A lot of the new generation projectors can only handle specially designed lamps and do no longer have the option to use 'standard' lamps; in most cases the design of a standard xenon lamp will not fit into recent digital projectors. Those 'special' lamps do not only have a special construction (size) or higher output, but also the capability to handle higher currents - or even over current - compared to their 'standard' family members. Some manufacturers divide these lamps into high power and long life versions (NEC) or have special lamps for high output (3D) like Christie (the SD series). Lamps that generate extra output wear out faster and have limited operating hours.
It is sometimes possible to fit a lamp designed for one projector into another projector. For instance an Ushio DXL60BA2 designed for a Barco can be fitted into a Christie projector if the anode cable is removed. And an Ushio DXL40BAF, also designed for Barco, can be fitted in a NEC projector if a special adapter is used. In cases like these, one should check if this construction is still covered by warranty.
In series 2 projectors the lamp uses less power in 2D than with 35mm film, so 2D digital screenings are cheaper to run than 35mm screenings. It should however be noted that xenon lamps for digital cinema cannot be used as much over their official life span as is possible with 35mm lamps. They really have to be replaced soon after they expire, when the fall off rate is very high.
The series 2 projector created a new issue on very small screens: too much light. Even when using a small lamp (often the smallest lamp possible) there is sometimes still so much light on the screen that 2D is above 30 ft/l and even 3D is well above 6 ft/l. This is much higher than any DCI spec and also gives problems in 3D, since the filters cannot handle this much light causing strange ghosting effects to appear. The only option here is to use a so called Cat eye (diaphragm) in the optical system, lowering the light throughput, which is understandably not very good for light efficiency.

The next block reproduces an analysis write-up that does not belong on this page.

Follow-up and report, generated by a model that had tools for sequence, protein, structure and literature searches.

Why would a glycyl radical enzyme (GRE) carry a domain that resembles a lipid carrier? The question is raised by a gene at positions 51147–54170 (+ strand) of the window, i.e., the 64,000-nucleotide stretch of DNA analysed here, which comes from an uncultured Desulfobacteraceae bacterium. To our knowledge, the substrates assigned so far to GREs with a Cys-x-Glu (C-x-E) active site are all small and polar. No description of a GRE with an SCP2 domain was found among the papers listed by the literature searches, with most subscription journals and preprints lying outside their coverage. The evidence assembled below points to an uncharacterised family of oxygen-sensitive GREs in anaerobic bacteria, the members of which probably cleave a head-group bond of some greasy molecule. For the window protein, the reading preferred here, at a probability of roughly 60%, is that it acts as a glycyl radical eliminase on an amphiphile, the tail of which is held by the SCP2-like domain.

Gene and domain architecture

2D / 3D
With the multitude of 3D films on the market nowadays, 3D is a major point of consideration when considering which xenon lamp to use. Because of this light inefficiency, 3D requires a strong lamp for optimal light output. Therefore it is worth looking at the use of the digital cinema projector: is it mainly used for 3D or for 2D?
The choice in 3D systems is a major issue in lamp requirements and can be a very important point when calculating total costs. The systems that can be used on a white screen (like Dolby and XpanD) require the most light (also depending on the gain of the white screen). Polarization systems like MasterImage and RealD use a silver screen that has a better reflection. The RealD XL system can be considered the most efficient and requires the lowest lamp power (or can handle the biggest screen) and the Sony 3D system ( RealD XLS system) is also very light efficient.